Personal electronics

21 Nov 23

Unlocking consumer freedom: EU Parliament votes yes to right to repair

The European Parliament showed resounding support for consumers’ right to repair during today’s pivotal vote on the “Common rules promoting the repair of goods” [1].

In a near unanimous vote, policymakers voted yes to the report from the Internal Market and Consumer Protection Committee (IMCO), which is a commendable improvement on the initial proposal by the European Commission. The approved text addresses exorbitant costs of repair through transparent pricing of spare parts, fosters an open repair ecosystem, and tackles unjust anti-repair practices from manufacturers.

Cheaper and easier repair

In a huge win for consumers’ right to repair, the Parliament approved a solid ban on contractual, hardware or software techniques obstructing repair. Lawmakers also approved obligations on fair pricing and accessibility of spare parts. However, this is applicable only to ten product categories [2]. 

Nevertheless, these factors are great enablers for self-repair and independent repair, which has so far struggled to be a viable option since producers control spare parts pricing and supply. If put in place, producers will be required to provide parts at non-discriminatory price for the entirety of a product’s expected lifespan. Moreover, they will have to make repair information and tools available for all stakeholders, including independent repairers, remanufacturers, refurbishers and end-users.

Repair before replace

For the first time, producers will also be obliged to offer repair as an option even outside of the warranty period. Besides, the new legal guarantee framework stipulates that sellers and manufacturers must prioritise repair as a remedy over replacement- although this won’t apply if sellers claim that repair would be more expensive than replacement.

Problematic products not included

While welcoming today’s vote as a significant forward stride, the Right to Repair and Coolproducts coalitions regret that the provisions enabling a more transparent and affordable access to spare parts and curtailing anti-repair practices only cover a limited number of products. The consumer protection still does not extend to more problematic and irreparable-by-design products such as many electronics and ICT products, toys, and small household appliances.

The agreed text has to now survive interinstitutional negotiations where the Member States’ positions can still water it down. The pressure is on national governments to match the Parliament’s ambition and finally deliver a real right to repair before the end of the current mandate and the next EU elections in spring 2024.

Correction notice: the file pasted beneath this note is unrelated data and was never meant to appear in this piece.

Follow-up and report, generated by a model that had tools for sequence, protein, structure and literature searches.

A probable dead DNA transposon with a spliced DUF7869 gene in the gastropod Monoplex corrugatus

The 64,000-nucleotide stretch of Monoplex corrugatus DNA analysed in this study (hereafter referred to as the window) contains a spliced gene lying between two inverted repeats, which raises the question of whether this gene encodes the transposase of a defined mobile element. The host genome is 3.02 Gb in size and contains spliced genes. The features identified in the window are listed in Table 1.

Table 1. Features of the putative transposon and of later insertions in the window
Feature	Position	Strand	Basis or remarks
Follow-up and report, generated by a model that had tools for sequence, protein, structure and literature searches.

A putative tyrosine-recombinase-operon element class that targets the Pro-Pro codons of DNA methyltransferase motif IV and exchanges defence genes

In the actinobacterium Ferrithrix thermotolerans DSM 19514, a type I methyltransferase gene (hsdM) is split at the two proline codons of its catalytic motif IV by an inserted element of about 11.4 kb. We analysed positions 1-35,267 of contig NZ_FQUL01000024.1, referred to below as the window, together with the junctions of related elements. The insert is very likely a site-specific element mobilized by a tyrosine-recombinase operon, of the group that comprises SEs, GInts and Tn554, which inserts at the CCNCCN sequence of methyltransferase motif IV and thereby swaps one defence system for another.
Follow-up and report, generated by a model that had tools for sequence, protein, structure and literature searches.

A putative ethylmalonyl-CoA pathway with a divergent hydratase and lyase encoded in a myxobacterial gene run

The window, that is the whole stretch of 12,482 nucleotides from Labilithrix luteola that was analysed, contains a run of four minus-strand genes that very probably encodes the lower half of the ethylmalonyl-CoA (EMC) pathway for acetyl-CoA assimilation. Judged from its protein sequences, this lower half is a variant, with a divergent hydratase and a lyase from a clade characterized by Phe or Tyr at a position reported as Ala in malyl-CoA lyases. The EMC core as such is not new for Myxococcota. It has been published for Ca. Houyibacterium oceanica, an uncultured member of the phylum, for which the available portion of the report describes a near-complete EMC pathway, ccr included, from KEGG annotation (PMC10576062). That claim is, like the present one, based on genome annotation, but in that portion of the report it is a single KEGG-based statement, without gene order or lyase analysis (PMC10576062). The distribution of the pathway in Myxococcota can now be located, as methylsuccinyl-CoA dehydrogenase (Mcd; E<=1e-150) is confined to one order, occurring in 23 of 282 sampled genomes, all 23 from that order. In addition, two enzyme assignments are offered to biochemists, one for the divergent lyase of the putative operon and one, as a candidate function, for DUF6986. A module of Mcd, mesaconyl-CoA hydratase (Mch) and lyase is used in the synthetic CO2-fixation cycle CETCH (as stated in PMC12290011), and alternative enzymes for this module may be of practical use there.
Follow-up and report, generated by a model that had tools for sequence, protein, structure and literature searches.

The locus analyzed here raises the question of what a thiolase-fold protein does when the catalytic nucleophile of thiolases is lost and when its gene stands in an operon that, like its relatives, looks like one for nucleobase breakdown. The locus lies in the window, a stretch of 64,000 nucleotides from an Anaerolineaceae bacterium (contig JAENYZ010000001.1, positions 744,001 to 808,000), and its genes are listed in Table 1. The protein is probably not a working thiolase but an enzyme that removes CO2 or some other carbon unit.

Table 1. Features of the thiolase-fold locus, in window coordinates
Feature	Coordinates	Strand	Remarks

Cristina Ganapini, Coordinator of the Right to Repair Europe coalition, said: “We celebrate the EU Parliament for protecting EU consumers from unfair manufacturers’ techniques which limit repair for a wide range of products. These practices deliberately undermine the viability and/or affordability of repair without adding to users’ experience or security. We encourage co-legislators to keep up this level of ambition, going beyond existing ecodesign rules and empowering consumers to choose repair.”

Jean-Pierre Schweitzer, Policy Manager for Circular Economy at the European Environmental Bureau (EEB) said:
“It is high time that the EU took this step in the right direction to tackle manufacturers’ tactics to force consumers into a cycle of buying replacements for minor issues, perpetuating a systemic wastage of resources. However, restricting this to only a handful of products is a major missed opportunity to revolutionise sustainable products and expand consumer and repair rights in Europe.”

​​Thomas Opsomer, Repair Policy Engineer at iFixit, said:
“Today’s vote brings us a step closer to an open repair ecosystem. Manufacturers are no longer allowed to use parts pairing or other sneaky tricks to keep independent repairers and self-repairers alike from using the spare parts of their choice, be it second-hand parts, aftermarket parts or even 3D printed ones. This is an important milestone – making it all the more regrettable that key provisions in this supposedly all-encompassing legislation only cover a handful of products in the end.”

Notes to editors


[2] The ten categories consist of bicycles and nine other product groups currently covered by ecodesign requirements: smartphones and tablets, washing machines, dryers, dishwashers, fridges, displays, welding equipment, vacuum cleaners and servers.